New Hotness Wins 36 Hours Of Florida With Amazing Last-Minute Charge At Sebring

New Hotness Wins 36 Hours Of Florida With Amazing Last-Minute Charge At Sebring
Photo credit: IMSA

Two words could sum up the final moments of the 12 Hours of Sebring, but we’ll pick a name instead: Pipo. Derani. All eyes were on Extreme Speed Motorsports’ young star driver as he charged through to the lead and gave ESM a combined 36 Hours of Florida win for 2016—all with only 12 minutes left in the race.

This year’s 12 Hours of Sebring race was punctuated by long delays in racing, both from a weather-related red flag that lasted about two hours and 15 minutes as well as numerous full-course caution flags. Tricky conditions caused by sporadic and sometimes heavy rain showers made many drivers hydroplane and spin out, particularly if they were caught out on the wrong tire. Thus, this year’s race was downright brutal on both the cars and the drivers.


Extreme Speed Motorsports was coming off of a win at the 24 Hours of Daytona, where Derani had another amazing drive at the end of the race. Once again at Sebring, ESM opted to put Derani in for the last stint.

In addition to being a solid closer, Derani is apparently the restart king. Derani isn’t entirely new to motorsports, having driven in the European Le Mans Series and the World Endurance Championship before. He’s new to the North American Endurance Championship, though—of which Sebring and Daytona are a part. Those of us who are wondered where this dude came from (besides the obvious guess of “outer space”), well, now you know.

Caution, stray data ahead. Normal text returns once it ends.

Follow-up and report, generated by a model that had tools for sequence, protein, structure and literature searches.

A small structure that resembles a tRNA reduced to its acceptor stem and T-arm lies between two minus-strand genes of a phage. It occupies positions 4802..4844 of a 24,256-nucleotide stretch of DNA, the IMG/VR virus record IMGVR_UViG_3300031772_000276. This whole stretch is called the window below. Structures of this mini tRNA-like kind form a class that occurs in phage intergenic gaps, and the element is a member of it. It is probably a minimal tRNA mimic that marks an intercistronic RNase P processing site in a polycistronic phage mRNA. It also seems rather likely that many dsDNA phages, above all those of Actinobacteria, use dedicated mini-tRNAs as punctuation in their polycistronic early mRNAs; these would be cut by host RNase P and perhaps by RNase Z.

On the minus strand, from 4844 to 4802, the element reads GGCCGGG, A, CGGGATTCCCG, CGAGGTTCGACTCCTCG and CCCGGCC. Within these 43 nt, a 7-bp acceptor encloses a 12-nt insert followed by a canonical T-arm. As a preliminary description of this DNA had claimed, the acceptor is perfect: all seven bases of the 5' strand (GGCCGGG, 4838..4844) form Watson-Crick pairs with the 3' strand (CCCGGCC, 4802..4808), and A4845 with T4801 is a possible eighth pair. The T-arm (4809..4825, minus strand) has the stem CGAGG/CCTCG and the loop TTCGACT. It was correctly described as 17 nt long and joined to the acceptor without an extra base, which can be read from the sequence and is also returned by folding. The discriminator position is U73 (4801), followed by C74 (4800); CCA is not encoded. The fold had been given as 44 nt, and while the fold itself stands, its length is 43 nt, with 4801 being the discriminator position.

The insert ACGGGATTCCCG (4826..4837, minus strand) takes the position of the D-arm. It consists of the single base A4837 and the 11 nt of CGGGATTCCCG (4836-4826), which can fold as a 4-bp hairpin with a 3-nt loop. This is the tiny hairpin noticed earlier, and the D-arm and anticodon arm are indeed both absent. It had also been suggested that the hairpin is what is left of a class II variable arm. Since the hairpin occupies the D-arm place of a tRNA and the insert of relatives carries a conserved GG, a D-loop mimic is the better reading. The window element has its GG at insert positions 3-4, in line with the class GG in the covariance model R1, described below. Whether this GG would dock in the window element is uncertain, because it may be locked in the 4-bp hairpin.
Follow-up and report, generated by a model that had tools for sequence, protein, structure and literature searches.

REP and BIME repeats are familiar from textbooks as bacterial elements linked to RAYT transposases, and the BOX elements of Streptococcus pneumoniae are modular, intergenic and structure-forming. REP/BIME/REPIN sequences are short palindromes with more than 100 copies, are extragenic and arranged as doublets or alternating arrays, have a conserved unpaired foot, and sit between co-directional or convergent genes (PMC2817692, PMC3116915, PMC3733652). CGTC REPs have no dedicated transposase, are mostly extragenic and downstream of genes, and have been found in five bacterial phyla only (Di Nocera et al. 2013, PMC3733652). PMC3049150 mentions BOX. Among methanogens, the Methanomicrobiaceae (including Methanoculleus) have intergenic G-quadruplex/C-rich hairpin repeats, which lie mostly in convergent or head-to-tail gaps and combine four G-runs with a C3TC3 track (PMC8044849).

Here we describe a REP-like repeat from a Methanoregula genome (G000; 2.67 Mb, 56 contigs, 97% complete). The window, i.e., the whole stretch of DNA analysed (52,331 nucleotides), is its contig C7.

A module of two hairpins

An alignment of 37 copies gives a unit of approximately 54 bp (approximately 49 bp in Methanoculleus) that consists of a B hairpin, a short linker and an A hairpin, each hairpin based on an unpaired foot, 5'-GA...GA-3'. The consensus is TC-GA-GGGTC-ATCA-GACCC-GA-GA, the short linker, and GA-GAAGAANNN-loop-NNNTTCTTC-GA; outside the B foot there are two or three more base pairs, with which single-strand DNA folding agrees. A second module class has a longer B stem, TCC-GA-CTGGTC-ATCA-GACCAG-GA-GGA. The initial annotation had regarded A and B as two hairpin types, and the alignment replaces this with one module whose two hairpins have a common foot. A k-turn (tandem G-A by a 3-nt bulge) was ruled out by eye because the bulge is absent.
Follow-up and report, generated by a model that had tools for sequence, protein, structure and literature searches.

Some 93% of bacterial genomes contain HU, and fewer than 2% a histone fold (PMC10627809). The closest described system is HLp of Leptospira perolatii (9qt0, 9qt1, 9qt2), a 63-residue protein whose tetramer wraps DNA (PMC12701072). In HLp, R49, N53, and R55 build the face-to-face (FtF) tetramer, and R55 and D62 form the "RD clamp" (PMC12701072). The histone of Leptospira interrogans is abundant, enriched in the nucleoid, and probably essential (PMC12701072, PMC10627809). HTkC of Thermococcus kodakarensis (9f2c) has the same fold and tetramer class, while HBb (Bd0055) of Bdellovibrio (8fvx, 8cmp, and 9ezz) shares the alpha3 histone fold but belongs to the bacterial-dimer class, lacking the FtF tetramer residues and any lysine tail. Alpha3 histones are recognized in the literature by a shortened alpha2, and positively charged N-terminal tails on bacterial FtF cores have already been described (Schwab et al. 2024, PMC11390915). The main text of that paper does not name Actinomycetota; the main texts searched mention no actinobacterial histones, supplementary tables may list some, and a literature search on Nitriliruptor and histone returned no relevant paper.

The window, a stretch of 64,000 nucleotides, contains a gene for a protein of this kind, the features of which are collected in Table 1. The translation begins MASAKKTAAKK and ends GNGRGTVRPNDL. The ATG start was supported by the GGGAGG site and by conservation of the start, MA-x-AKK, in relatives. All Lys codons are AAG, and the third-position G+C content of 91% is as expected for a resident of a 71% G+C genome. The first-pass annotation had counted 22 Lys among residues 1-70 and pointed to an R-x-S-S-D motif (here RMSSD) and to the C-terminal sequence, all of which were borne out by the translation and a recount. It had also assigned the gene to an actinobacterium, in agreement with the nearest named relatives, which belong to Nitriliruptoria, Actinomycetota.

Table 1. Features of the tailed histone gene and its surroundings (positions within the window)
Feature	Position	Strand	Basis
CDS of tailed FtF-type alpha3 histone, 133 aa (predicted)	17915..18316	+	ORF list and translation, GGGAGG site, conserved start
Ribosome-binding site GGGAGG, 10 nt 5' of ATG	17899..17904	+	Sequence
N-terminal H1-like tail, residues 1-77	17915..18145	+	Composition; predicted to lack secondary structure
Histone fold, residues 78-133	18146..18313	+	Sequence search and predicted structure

The final restart of the day was for a heartbreaking reason. First, a mechanical failure on Dorsey Schroeder’s No. 50 Highway to Help car brought out the yellow flag with only 23 minutes to go.

During the yellow flag, Andy Meyrick went off the track in the DeltaWing. The DeltaWing had a fantastic, trouble-free run at Sebring for a change until a steering issue with just under 20 minutes to go meant that they wouldn’t finish. It was devastating to watch. The DeltaWing always seems to run into bad luck, and here they were, out at the very end after having worked their way back onto the lead lap.

With 12 minutes to go, the restart was on. Every car left in the field was bunched up and eager to defend their position—or use the opportunity to improve upon it. For Derani, it was the latter. He quickly left behind Nicolas Lapierre’s No. 81 DragonSpeed car to take aim at the two leading Action Express cars, No. 31 and No. 5.

What happened next was a masterful display of good, clean racing passes. First, he got around the No. 5 car for second place, and on the next lap, he got around No. 31. That’s third to first place in just two laps.


Tire strategy was credited in part for landing Derani and ESM the win. On the last pit stop, they gave the No. 2 car a little extra fuel to go hard at the end and fresh tires. Once Derani’s tires got up to temperature, the ESM car became a rocketship.

Getting out in front wasn’t enough, though. Derani used his fresh tires to rocket ahead 2.926 seconds in front of the No. 31 car to seal the deal.